Jim Shead Waterways Photographer & Writer
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Jim Shead's Waterways Information

An encyclopedia of the canals and rivers of England and Wales, including historical data, provided by Jim Shead, Waterways Writer and Photographer.

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Featured Pages

Birmingham Canal Museum Do we need one can we get one? Have a look and complete the survey to give your views. If you are organizing a UK canal or river event that you would like added to this list please let me know.

Today's Featured Waterway Photo

Barmby-on-the-Marsh Village Barrage
For more information see River Derwent.

The Boat Listing is now hosted by CanalPlanAC. Please update your Favourites/Bookmarks to http://canalplan.org.uk/boats/

For more information about the Boat Listing see About the Boat Listing

If you are a newcomer to the subject, or this web site, you may want to start with my Introduction pages. These give an introduction to this website, the UK Waterways System, its history and to inland boating on canals or rivers.

Escape from Microsoft - my experiences with Linux.

Now it's easier to buy on-line when you

Enter the Waterways Shopping Center

Books, videos, DVDs and links to other canal shopping sites.

For non-waterway travel photographs see www.jim-shead.net

I am also webmaster for the following waterways sites Railway & Canal Historical Society
The Association of Nene River Clubs
House of York

All about the Inland Waterways Association (IWA) click here

Quote of the day No 185

Monday 22 September 2014

Before canal tunnels were needed, the art had been learned in mining and mine drainage. With only that geological knowledge which a few trial borings could give them, engineers worked largely on hit or miss, and sometimes they missed. The first task was to stake out over the hill an exactly straight line, to mark the course of the tunnel. Then, because tunnelling would almost certainly reveal springs of water, a stream had to be found below the proposed line, and a channel made from it to a point below the mouth of the tunnel. Then a start would be made on driving a separate small drainage heading beneath the actual line. Should water be found during excavation, a side-heading would be driven towards its source to carry the water into the heading below the tunnel works, and so away to the stream.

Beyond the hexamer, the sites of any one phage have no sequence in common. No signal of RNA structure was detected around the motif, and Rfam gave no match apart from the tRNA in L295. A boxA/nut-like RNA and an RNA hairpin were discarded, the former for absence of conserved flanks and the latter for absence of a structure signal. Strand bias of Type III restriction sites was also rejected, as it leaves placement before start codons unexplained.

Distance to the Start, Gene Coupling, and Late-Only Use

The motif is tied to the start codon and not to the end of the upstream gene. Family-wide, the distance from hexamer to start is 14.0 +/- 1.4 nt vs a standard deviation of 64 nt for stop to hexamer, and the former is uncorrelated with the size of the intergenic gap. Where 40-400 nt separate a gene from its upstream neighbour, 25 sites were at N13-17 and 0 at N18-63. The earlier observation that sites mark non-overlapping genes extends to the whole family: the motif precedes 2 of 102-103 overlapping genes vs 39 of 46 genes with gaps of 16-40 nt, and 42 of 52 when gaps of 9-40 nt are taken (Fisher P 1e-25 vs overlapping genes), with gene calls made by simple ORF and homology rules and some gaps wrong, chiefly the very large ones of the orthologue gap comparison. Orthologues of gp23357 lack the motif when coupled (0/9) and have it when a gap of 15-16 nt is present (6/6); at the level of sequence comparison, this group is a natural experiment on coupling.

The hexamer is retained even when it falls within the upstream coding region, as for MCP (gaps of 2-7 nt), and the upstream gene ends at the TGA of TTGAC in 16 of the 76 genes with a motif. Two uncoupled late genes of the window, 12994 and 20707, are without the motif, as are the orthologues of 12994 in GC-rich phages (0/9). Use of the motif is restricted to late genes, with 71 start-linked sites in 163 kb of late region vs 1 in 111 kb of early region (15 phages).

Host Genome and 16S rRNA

Simultaneously with driving the heading, shafts about 8 ft in diameter and 150 yd apart would be dug from the surface of the hill above to intersect the centre of the main tunnel line. These shafts were often dug after the manner of wells, by steining the shaft—that is, building a few feet of brickwork upon a curb, and then excavating from underneath the curb and letting the steining sink, building fresh brickwork on it as it did so. If strong springs were struck, steam pumping engines might have to be used, as at Standedge. Excavated material could be drawn up the shafts by horse gins, and bricks for lining, wooden centres, and other things needed by the tunnellers, sent down. Such a shaft also provided ventilation to the workings, sails being erected at the top to direct the wind downwards, and the shaft being divided to provide both up and down draughts. Updraught could be helped by a fire lit underneath one half of the shaft.

Charles Hadfield - The Canal Age

For more information about these daily quotations see About the Quote of the Day.

Bantam Tug for Sale Has brand new wheelhouse see separate web page for details.

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Jim Shead Waterways Photographer & Writer
Text and photographs copyright of Jim Shead.
Home Introduction Waterways List Waterways Map Links Books DVD Articles Photo Gallery
Features Contact me Glossary Boats Events List History Local Waterways Help Photo List